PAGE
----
10 Cybersecurity Lessons We Should Have Learned in 2015

10 Cybersecurity Lessons We Should Have Learned in 2015

Like most things in our businesses, if something is staring us in he face that particular day it probably goes unnoticed. We find, with our clients, that cybersecurity is no exception. With the number and severity of threats lurking on the Internet of Things, cybersecurity should be given a more prominent role in monthly reviews, strategic planning, and even budgetary meetings. Below are 10 things that 2015 should have taught us, but probably didn’t.

  1. Keep Backups. No, Really. Ransomware was everywhere in 2015, and there’s no reason to expect its growth will stop or slow down. Research found that ransomware use was growing, the malware itself was growing more sophisticated, the business models were becoming more varied, it had an exceptionally high return on investment, and many targets were helpless against it. Even several police departments simply paid up when they couldn’t recover their assets any other way.
  2. Extortionists Have More Than Ransomware At Their Disposal. In addition to the criminals using ransomware to extort mpney from victims, there are bad guys gathering their Bitcoins from DDoS, doxing, or other cyber-enhanced blackmail threats. The Ashley Madison breach gave extortionists, blackmailers, and the average unscrupulous capitalist plenty of opportunities to collect.
  3. Watch Out For Insiders. Another reason to manage privileged accounts is that not all who are privileged are trustworthy. 2015 kicked off with news that Morgan Stanley fired a wealth advisor who accessed data on about 10 percent of its client roster and publicly posted details for 900 of them online.
  4. Don’t Get Sick. Over the past 10 years, more than one-quarter of reported data breacheshappened in the healthcare industry, according to Trend Micro. This year, the PHI exposures at medical insurers were of gobsmacking dimensions — 10 million records exposed by Excellus Blue Cross Blue Shield (BCBS), 11 million by CareFirst BCBS, 11 million by Premera BCBS, 250,000 by LifeWise, and a stomach-turning 80 million from Anthem Healthcare.
  5. Flash Will Survive The Apocalypse. Adobe Flash has been riddled with critical vulnerabilities this year, including some zero-days revealed in the Hacking Team leaks. US-CERT released an advisory, Mozilla stopped running Flash by default, and Facebook’s security chief demanded Adobe announce a date of-death for Flash. Yet, the technology persists. So, Flash is in the same category as cockroaches and ticks. Everyone wants them to die, but try as they might, they just can’t kill them. So, really, if you want your manifesto to still be viewable after the collosal supervolcano or sentient robot uprising, build it in Flash.
  6. Government Jobs Aren’t Really So ‘Secure’. The breach at the U.S. Office of Personnel Management resulted in the exposure of personal data on anyone who’s had a background check via OPM going back to the year 2000. In all, 21.5 million people’s Social Security numbers, residency and employment history, family, health, and financial history as well as fingerprints on 5.6 million people were exposed.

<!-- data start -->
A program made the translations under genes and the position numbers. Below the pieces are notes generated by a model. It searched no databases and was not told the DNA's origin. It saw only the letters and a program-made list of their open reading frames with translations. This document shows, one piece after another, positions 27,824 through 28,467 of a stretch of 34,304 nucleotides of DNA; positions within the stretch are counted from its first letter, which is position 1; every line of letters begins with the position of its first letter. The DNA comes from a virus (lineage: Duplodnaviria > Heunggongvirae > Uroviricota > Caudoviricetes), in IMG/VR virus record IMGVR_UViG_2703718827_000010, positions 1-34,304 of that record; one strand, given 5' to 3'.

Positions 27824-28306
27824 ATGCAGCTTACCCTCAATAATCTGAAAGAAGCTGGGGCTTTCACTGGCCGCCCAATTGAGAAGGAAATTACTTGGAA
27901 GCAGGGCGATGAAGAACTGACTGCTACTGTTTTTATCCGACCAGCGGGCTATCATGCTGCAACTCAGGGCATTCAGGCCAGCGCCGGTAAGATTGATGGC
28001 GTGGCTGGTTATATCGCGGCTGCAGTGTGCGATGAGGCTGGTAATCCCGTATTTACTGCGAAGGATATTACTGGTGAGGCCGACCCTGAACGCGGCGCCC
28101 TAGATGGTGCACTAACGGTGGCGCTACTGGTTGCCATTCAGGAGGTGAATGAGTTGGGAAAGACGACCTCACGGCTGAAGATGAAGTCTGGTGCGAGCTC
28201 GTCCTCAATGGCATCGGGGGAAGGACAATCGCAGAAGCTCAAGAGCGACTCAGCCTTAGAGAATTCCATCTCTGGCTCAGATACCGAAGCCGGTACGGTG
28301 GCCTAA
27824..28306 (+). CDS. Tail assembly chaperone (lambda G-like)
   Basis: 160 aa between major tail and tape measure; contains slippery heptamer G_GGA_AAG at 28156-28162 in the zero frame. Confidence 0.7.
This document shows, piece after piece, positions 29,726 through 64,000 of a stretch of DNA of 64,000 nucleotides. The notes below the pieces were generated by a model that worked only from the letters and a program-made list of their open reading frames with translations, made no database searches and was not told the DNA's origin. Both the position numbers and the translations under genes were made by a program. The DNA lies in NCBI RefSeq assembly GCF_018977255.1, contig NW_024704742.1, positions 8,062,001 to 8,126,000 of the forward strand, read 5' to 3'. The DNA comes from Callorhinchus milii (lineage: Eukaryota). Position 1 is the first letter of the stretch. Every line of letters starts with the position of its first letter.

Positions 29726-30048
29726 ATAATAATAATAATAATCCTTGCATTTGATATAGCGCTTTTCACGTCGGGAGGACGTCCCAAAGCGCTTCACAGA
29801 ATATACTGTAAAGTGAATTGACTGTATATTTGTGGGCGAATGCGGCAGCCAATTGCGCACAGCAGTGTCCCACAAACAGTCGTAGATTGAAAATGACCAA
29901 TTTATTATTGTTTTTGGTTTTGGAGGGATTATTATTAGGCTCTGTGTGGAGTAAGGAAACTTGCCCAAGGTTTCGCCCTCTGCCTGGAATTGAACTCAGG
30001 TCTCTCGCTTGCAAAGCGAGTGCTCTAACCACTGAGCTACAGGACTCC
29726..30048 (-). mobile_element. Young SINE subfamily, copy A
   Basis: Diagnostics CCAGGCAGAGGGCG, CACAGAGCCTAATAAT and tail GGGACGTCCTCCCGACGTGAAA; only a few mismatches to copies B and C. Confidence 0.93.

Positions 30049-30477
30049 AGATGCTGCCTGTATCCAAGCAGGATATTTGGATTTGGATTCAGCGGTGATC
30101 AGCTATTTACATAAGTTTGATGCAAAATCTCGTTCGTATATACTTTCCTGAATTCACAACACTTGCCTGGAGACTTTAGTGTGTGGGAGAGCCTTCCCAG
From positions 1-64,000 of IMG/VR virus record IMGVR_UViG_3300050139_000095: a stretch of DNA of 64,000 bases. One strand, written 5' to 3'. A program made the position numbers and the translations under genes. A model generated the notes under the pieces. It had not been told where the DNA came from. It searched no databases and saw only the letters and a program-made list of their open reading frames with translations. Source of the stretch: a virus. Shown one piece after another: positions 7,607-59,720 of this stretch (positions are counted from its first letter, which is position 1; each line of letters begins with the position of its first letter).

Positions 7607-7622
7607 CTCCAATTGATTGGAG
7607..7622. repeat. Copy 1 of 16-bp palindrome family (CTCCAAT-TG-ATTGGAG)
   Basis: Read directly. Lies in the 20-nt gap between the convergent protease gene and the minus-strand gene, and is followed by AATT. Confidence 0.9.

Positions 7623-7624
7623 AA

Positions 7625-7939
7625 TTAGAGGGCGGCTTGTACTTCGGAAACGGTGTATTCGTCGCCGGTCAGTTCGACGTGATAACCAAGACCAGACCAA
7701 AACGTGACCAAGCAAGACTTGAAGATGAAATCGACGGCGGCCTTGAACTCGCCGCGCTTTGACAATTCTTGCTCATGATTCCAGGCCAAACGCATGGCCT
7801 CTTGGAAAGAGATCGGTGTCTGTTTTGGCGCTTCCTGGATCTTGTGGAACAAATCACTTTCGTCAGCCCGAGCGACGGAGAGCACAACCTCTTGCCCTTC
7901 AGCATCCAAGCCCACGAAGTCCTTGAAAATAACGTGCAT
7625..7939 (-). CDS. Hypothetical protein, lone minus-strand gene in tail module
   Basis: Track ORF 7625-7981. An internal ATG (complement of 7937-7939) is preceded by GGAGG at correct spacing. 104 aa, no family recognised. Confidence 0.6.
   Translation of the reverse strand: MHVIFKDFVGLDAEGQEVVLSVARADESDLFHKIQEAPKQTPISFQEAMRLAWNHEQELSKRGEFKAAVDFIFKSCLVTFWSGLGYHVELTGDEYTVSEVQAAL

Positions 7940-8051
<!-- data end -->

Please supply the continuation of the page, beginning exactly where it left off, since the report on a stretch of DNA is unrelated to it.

7. Trust Apple, But Not As Much. Although security researchers agree that the state of Apple security is still far better than Android, but the trusted development environment took some serious hits this year. XCodeGhost snuck Trojanized iOS apps into the official App Store, a variety of proof-of-concept exploits in Gatekeeper allow unsigned code to run on OS X, and malware for iOS and Mac is increasing.
  8. Take The Train Instead. This was the year when car hacking really got taken seriously. Security researchers Chris Valasek and Charlie Miller conducted a controversial demonstration taking remote control of a Jeep Cherokee and bringing it to a screeching stop. The Virginia State Police showed their cruisers could be compromised and researchers showed SMS messages sent to insurance dongles can kill brakes on cars. The issue got so unavoidable that Chrysler recalled 1.4 million vehicles and Intel founded a Car Security Review Board.
  9. Everyone Could Be A Target Of Cyber Espionage. Whether it’s the St. Louis Cardinals hacking the Houston Astros,cybercriminals attacking Kaspersky Lab to stay ahead of their threat intelligence, or operators of a shadowy illegal online gambling businesshacking their third-party software provider to make sure their work for a competing gambling company wasn’t a threat to their business, the takeaway is that cyber-espionage can happen to anyone.
  10. Beware The Thing. Cars and drones, Fitbits and smart fridges, baby monitors and Hello Barbie, satellites and smart cities…security vulnerabilities were found all over the Internet of Things this year. The coolest hacks this year were all at that intersection between the physical and the virtual and the FBI even came out with a warning about the cybersecurity risks of IoT devices. Luckily, new organizations are arising to try to fix IoT security before it gets completely out of hand.
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George McCracken
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